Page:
Anyways, here is a breakfast known to every mallu- idli with cha(sa)mmanthi.

The sammanthi routine in our home always went like this- do you want red or green sammanthi?
Green meant mother would use green chilis and if the answer was red, she would get dried red chilis. They taste different, but as kids our decisions were based on which color we thought was more cool at the moment.

Recipe for chammanthi

Coconut – 2 cups

Dried red chillies – 6 0r 8 . Roast them over flame. They will develop black spots all over. Sometimes they catch fire while you do this, but just snuff the fire and use the chilis.

Shallots- 2

In a blender, grate till very smooth the coconut, shallots and chilis. Add water in small amounts, just enough to make a thick paste.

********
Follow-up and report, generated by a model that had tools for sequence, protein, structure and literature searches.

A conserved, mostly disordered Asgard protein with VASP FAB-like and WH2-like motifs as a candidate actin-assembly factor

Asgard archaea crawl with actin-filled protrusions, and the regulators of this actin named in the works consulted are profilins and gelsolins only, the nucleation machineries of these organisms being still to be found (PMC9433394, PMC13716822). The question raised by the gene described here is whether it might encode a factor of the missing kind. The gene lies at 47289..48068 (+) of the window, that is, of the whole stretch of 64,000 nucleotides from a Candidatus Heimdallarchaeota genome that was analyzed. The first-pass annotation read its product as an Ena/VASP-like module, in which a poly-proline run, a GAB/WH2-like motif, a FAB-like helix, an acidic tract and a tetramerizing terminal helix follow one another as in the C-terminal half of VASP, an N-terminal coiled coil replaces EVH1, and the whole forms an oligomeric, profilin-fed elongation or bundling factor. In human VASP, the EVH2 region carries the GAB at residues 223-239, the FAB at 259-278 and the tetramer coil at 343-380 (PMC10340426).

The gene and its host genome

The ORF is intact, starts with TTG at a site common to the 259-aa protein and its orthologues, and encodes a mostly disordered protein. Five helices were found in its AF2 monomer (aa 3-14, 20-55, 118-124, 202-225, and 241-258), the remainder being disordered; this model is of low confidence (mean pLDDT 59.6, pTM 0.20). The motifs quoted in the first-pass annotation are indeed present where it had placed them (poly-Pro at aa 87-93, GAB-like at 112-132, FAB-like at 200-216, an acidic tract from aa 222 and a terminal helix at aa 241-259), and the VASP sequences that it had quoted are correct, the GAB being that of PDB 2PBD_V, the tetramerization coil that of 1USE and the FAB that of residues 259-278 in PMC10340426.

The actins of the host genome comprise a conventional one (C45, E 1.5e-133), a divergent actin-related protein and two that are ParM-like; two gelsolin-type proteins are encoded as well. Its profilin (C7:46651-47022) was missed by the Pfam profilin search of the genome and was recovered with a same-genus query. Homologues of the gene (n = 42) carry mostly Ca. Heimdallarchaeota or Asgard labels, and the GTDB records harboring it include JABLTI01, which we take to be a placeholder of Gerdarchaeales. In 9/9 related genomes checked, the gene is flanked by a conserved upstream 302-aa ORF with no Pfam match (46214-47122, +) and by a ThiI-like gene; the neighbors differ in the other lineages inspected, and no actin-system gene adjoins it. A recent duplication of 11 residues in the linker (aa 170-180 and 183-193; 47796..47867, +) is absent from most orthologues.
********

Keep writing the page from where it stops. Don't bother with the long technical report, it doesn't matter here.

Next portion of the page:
For tempering

In a pan, add some coconut oil. Add mustard seeds. While they splutter, add curry leaves and thinly sliced shallots (1 shallot). Fry till dark in color. Lower the fire, and add the coconut mixture. Mix water ( usually we pour the water into the blender and give a nice whirl to get all the coconut remaining in the blender), and add salt.

Do not let it boil. Just warm. If you boil, the sammanthi will look curdled.

Traditionally, the chilis are roasted by adding them to the wood burning stove. And then all the ingredients are ground to a smooth paste in an arakallu ( a grinding stone).

Kid favorite: Add some sugar when you eat the idlis with sammanthi. Use fingers to mix everything. Tastes divine!!!

For idlis I used Priya’s recipe. Great results even in winter. Thanks Priya.

chammanthi2.jpg chammanthi1.jpg

Idli with red sammanthi Dosa with green sammanthi

Tags: , ,